Whenever the topic of Salvation by grace alone through faith alone is brought up with a Catholic, set your watchclock and take bets on how many seconds the discussion will get to James chapter 2, where he says, in contradiction to Paul, that man is justified by works. They place a ton of weight on this little letter as though it should drive the doctrine. Even if one took the letter as Scripture (let's get this clear--I don't, along with the early church up to the end of the 3rd century, and along with Luther), you have whole didactic chapters in multiple letters of Paul showing how you are justified through faith, and this stuff is never contradicted by the likes of, say, John and Jesus. So it would be the tail wagging the dog to say that, because of the Letter of James, you're really not justified by faith alone. The speed with which one goes to the letter of James (or to the Catholic mistranslation of Galatians 5:6--it's not "faith formed by love," but "faith expressing itself in love") smells fishy to me.
The sola-fide deniers claim to go with "the whole counsel of God", as though holding two contradictory truths together is a good habit of reason. Ever since James, people obstinately resist the Great News that we're justified by Grace Alone through Faith Alone.

Friday, December 07, 2007

How I Know the Whole System is Wrong

I was listening to an mp3 of a Bible Answer Man radio program from around 1996 (#471 on James White's website: They talked a bit about sola fide, and Roman Catholic apologist Tim Staples threw in something from Romans 2 to justify (pardon the pun) the idea that you have to continue to do right in order to get eternal life (I think he was referring to Romans 2:6-7 "He will render to each one according to his works: to those who by patience in well-doing seek for glory and honor and immortality, he will give eternal life;"). He took this out of context. Clearly, Romans 3 talks of another righteousness, another way to be right with God. Romans 3:21-22 says: "But now a righteousness of God has been manifested apart from the law, although the Law and the Prophets bear witness to it, a righteousness of God through the faith of Jesus Christ for all who believe...."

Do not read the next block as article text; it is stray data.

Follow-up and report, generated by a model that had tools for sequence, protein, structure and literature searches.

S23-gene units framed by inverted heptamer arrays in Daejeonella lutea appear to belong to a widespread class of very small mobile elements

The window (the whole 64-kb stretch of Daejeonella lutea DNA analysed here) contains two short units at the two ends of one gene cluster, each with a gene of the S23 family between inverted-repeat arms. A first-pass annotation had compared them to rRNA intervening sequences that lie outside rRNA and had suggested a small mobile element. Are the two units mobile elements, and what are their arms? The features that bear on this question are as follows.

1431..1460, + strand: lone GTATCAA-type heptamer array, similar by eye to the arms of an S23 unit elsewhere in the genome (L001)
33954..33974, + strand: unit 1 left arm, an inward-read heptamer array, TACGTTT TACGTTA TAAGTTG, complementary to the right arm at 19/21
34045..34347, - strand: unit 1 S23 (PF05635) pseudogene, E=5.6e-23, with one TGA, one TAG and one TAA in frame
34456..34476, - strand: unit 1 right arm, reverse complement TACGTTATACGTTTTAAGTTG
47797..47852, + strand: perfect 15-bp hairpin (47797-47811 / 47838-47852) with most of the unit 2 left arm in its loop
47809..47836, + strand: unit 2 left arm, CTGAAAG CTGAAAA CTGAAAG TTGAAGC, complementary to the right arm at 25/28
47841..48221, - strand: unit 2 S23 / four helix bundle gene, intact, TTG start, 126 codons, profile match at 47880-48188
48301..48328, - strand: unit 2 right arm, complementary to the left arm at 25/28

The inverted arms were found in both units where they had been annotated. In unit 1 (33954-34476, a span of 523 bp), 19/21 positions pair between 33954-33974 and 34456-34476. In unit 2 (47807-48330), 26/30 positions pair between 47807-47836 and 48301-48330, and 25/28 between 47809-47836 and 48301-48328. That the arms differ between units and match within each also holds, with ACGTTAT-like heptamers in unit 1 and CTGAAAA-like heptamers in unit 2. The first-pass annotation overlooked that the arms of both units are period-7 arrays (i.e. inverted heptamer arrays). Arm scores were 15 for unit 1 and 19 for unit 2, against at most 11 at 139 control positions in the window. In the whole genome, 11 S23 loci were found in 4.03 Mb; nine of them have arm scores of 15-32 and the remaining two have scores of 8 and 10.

Later that week, when James White and Tim Staples debated sola scriptura (or maybe it was 4 years later, when they debated papal infallibility, #487 on James White's website), during Q&A, someone asked Tim Staples, roughly, "What is the Gospel? And what must I do to be saved?" Staples replied to the first question that the Gospel is all that Jesus commands us, through the Church. He replied to the second question that we must give full intellectual and willful assent to all that the Church teaches.

That's not what the Bible says. In answer to the question, "What must we do to do the works God requires?" Jesus said, in John 6:29,40 "29. The work of God is this: to believe in the one he has sent.... 40. For my Father's will is that everyone who looks to the Son and believes in him shall have eternal life, and I will raise him up at the last day." Paul and Silas said, in Acts 16:31: "And they said, Believe in the Lord Jesus, and you will be saved, you and your household."